Comanche

Equal parts Western, ghost story, and crime thriller, Comanche should have been a two-barrel explosion of genre-bending fun. Instead, it was a mediocre procedural with repetitive themes and, annoyingly, no quotation marks. Author Brett Riley devised a unique plot and built around it a world of lore. He also succeeded at mixing in deep, realistic character development. Unfortunately, this all combines into a weak gumbo screaming for spice.

Comanche tells the tale of the Piney Woods Kid, a ghost seeking vengeance for his brutal death in 1887. With ghostly, and fatal, ammunition that reads like a device gleaned from a Marvel comic, the Kid sets out to kill the modern-day descendants of those who done him wrong. Enter Raymond and LeBlanc, two PIs from New Orleans with familial ties to Comanche, Texas. Their quest is for two Grails: stop the killings, and find a Texas equivalent for their beloved crawdad po’boys.

Those little details, like throwing a New Orleans duo deep into the heart of Texas, is the shining savior of this read. Riley builds believable, enjoyable characters complete with the burden of dreams and a mess of flaws. Many of those flaws are endlessly repeated over and over like an Emmitt Smith touchdown run against the Cardinals. The daily grind of the investigation does not properly translate into compelling reading. Too many pauses. Too many personal interactions. Not enough gris gris.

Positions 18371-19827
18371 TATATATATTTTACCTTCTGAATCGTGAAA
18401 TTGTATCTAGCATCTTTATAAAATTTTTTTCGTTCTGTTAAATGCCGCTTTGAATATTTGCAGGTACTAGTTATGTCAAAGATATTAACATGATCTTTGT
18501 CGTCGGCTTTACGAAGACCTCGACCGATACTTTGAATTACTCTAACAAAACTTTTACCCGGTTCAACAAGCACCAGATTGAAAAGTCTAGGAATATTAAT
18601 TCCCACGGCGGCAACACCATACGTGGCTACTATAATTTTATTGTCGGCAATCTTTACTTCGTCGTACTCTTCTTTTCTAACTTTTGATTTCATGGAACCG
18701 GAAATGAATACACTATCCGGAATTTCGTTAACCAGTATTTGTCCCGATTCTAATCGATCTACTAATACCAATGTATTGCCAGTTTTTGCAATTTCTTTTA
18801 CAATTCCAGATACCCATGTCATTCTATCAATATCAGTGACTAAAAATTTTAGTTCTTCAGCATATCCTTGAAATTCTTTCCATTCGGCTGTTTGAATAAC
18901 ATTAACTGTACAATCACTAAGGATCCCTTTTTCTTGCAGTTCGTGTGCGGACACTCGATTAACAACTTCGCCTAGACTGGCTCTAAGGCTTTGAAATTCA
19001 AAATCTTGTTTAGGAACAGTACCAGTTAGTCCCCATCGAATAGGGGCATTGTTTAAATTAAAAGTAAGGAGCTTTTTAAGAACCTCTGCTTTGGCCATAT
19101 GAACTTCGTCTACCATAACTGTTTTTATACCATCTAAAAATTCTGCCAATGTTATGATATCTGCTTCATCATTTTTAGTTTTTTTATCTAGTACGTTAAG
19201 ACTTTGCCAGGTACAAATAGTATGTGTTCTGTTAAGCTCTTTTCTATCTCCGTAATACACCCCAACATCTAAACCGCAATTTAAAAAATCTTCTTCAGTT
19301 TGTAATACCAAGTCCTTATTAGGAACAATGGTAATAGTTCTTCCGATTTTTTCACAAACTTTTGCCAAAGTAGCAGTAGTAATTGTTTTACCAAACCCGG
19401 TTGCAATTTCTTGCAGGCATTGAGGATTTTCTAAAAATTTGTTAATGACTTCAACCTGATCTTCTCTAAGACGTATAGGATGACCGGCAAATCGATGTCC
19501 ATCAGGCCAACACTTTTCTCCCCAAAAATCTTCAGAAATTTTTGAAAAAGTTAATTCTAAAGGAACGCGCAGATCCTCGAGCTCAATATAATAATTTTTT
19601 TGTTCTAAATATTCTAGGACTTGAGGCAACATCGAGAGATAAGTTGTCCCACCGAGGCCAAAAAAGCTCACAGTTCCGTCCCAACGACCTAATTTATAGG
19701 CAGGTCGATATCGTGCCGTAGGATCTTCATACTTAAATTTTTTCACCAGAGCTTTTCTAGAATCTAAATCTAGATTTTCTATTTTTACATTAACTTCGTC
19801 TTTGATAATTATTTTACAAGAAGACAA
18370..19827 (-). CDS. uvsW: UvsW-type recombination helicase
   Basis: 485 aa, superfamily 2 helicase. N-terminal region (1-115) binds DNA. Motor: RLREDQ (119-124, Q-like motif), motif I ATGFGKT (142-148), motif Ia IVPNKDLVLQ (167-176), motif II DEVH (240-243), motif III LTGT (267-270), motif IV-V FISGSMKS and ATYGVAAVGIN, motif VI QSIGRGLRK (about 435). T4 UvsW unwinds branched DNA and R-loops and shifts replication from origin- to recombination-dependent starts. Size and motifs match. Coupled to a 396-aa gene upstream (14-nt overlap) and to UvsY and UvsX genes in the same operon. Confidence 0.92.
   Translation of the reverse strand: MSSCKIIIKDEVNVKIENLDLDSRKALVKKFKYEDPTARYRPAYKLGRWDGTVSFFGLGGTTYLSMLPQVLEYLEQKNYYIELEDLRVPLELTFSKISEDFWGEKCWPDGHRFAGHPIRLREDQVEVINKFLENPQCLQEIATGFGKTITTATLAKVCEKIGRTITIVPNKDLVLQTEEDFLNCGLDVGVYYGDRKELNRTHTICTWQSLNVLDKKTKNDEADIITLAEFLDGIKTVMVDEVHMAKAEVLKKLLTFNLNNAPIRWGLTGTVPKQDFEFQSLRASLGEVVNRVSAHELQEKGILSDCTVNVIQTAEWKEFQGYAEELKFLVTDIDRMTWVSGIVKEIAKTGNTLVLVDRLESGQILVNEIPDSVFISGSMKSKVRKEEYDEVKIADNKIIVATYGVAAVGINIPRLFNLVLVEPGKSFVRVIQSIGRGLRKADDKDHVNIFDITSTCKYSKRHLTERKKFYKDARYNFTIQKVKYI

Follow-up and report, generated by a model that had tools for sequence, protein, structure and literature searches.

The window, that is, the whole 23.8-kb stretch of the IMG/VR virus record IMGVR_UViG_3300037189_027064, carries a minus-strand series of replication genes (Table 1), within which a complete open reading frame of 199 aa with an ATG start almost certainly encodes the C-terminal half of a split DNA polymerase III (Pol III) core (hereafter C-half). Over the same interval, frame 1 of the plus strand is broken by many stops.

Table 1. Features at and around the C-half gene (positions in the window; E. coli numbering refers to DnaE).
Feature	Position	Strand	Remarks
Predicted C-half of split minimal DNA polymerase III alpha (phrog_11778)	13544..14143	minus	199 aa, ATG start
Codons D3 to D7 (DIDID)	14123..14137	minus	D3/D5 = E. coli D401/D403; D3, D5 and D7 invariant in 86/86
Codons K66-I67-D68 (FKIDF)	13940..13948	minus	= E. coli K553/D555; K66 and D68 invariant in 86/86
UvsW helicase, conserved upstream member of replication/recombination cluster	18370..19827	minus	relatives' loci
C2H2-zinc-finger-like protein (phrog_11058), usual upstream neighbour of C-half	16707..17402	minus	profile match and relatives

Riley sets up the situation but resigns to playing on the outskirts of a genre read, never getting dirty from the soil by totally jumping on in. Comanche should have been a daring read. And scary. And fun. Rather, this is as safe as an episode of CSI: Des Moines.   

Comanche book review

Heaps of jambalaya to Netgalley and Imbrifex Books for the advance readers copy.

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